Local wineries offer everything from tastings and tours to murder mystery dinners, or, for the ultimate chic getaway, parents can take a dinner cruise on a luxury yacht across Lake Taneycomo. With its combination of natural wonders and big-city entertainment, Branson is the perfect destination for those families who are a little bit country, a little bit rock and roll.

Eureka Springs, Ark.

If you love the serenity of the Ozark Mountains without the glitter and splash of Branson, this town is the perfect happy medium. Although at first glance Eureka Springs may seem quaint, don’t be fooled – this mountain getaway has modern sensibilities, and is home to everything from writers’ colonies to motorcycle rallies. But while the city may not have the overt glamour of its neighbor to the north, Eureka Springs never lacks for sophistication.

The town is home to endless shops and some of the most famous hotels in the region, including the Crescent, which has crowned a nearby peak above the city since 1886. If this hotel’s luxurious accommodations and precarious mountain perch remind you of The Shining, there’s a reason: It’s rumored to be haunted, and kids and adults alike who love scares will be fans of the hotel’s year-round ghost tours.

For the explorers in the family, Onyx Cave Park lies about 10 miles from Eureka Springs. Only a few miles farther is Cosmic Cavern, where kids can pan for gemstones or take in the mystery of “bottomless” underground lakes. When the time comes for parents to relax on their own, they can take in a drink overlooking the town at the Balcony Bar and Restaurant or get a massage at the Serenity Spa, both located in Eureka Springs’ historic Basin Park Hotel. And for parents who like to snuggle when spooked, that same hotel offers haunted honeymoon packages of its own.

Grapevine, Tex.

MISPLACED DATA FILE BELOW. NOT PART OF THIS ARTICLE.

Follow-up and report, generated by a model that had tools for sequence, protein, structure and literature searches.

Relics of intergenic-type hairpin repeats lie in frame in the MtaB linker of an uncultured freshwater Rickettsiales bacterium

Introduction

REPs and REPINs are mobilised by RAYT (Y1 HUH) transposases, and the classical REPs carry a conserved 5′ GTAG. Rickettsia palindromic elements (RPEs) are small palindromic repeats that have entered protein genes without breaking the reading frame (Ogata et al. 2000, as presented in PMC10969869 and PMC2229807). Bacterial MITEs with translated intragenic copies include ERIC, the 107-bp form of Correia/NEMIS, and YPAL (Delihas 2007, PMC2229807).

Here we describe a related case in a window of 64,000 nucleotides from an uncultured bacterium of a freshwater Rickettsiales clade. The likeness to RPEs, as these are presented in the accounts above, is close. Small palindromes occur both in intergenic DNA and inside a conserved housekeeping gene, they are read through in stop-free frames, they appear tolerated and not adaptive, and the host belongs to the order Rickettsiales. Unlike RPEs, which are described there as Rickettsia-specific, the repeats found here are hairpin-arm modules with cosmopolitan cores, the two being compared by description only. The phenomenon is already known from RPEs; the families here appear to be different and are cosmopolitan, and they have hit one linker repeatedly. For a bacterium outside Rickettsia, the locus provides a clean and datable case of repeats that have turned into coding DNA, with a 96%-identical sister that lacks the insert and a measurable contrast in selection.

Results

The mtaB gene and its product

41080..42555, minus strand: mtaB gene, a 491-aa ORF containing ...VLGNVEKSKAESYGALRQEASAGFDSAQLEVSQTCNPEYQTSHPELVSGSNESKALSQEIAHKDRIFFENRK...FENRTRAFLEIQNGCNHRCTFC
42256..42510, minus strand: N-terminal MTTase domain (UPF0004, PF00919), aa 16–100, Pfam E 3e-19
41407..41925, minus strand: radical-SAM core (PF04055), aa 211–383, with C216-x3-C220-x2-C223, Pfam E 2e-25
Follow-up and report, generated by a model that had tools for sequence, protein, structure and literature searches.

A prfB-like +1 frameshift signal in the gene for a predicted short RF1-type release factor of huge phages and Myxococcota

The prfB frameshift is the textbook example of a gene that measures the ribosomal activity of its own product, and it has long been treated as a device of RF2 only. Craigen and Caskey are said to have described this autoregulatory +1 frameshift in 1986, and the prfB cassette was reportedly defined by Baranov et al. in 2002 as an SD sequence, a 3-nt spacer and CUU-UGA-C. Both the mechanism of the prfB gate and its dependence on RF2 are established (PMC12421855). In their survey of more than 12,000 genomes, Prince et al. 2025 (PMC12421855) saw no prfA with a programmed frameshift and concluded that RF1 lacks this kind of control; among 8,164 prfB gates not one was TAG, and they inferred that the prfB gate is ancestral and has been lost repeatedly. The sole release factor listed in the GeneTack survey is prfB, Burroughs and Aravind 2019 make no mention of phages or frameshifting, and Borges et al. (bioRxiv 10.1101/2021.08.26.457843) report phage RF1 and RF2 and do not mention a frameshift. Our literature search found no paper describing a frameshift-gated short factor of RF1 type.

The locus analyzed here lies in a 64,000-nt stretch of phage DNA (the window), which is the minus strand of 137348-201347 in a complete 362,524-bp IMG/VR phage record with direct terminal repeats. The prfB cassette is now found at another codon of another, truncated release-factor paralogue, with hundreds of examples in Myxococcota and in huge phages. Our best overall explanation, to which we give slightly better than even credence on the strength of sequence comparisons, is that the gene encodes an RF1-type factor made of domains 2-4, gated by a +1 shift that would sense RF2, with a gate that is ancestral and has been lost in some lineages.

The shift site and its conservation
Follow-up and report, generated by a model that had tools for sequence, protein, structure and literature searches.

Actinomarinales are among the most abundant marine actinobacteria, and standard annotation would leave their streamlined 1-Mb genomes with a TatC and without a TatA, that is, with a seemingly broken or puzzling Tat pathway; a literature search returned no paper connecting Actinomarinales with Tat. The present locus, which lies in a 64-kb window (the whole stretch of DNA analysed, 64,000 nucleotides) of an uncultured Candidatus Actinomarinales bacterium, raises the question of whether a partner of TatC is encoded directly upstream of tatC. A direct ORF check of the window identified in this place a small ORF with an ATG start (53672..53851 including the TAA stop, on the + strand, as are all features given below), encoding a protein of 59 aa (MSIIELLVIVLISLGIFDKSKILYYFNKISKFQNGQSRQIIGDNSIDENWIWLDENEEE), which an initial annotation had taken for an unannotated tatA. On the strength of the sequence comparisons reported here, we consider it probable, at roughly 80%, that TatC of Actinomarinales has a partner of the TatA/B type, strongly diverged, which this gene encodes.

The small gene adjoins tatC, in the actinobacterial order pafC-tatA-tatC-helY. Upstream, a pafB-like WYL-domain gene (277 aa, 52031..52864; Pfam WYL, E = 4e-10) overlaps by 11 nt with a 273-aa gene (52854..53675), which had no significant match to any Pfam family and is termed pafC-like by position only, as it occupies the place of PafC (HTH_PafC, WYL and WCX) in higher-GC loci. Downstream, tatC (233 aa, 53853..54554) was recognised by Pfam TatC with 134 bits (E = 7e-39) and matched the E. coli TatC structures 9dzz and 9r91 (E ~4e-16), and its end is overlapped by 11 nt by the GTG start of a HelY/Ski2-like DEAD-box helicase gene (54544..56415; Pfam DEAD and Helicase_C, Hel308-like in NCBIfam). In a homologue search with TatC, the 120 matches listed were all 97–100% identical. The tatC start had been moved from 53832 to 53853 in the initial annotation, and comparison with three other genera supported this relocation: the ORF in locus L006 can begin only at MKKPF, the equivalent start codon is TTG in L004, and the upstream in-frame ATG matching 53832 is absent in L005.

As much as Oklahoma fans hate to admit it, Texas is home to a lot of fun. For those who already have taken in the sights and nights of Dallas, a whole different scene has a home in nearby Grapevine. Like its metropolitan neighbor, Grapevine is home to top-notch food, wine and shopping for the grownups. But for the whole family, fun doesn’t get more all-inclusive than Great Wolf Lodge.

What sounds like an exotic hunting getaway is actually a massive indoor water park, complete with slides, forts, towers, ponds, cannons, creeks and more – a million gallons of water more. The park is only available to guests of the lodge, which makes the experience less crowded than a trip to nearby Six Flags, but with just as much adventure.

For teenagers who aren’t too keen on water activities, there’s gr8_space, an area for teens to surf the web, play video games, listen to music or sing karaoke. Separate spas are available for adults and children, and some suites even feature built-in “cabins” or “caves” for the kids – and for parents who need to unwind in some privacy.

Tahlequah, Okla.

Far from the indoor waters of Great Wolf Lodge are the calmer currents of the Illinois River, which flows through Tahlequah in northeast Oklahoma. This scenic waterway is one of the most popular spots in the state for camping, canoeing, kayaking or simply renting a raft for the family and floating downriver. Just south of the town sits Lake Tenkiller, where scuba diving, fishing and boating are popular activities.
But there’s more to Tahlequah than its water sports. The city also is the capital of the Cherokee Nation, and is rich with the history and culture of the tribe. The recently opened Cherokee National Supreme Court Museum will offer history fans a glimpse into the tribe’s early days in Oklahoma; for an even older look at the tribe’s culture, visit the Cherokee Heritage Center, which includes a re-creation of a Cherokee village as it would have looked before Europeans settled in the United States.

When the kids have had their fill of culture and canoes, take them to eat at Sam & Ella’s Chicken Palace – which actually is most famous for its pizza. Parents needing recreation time of their own can choose from the area’s scenic golf courses or butter up Lady Luck at one of the local casinos.

Santa Fe, N.M.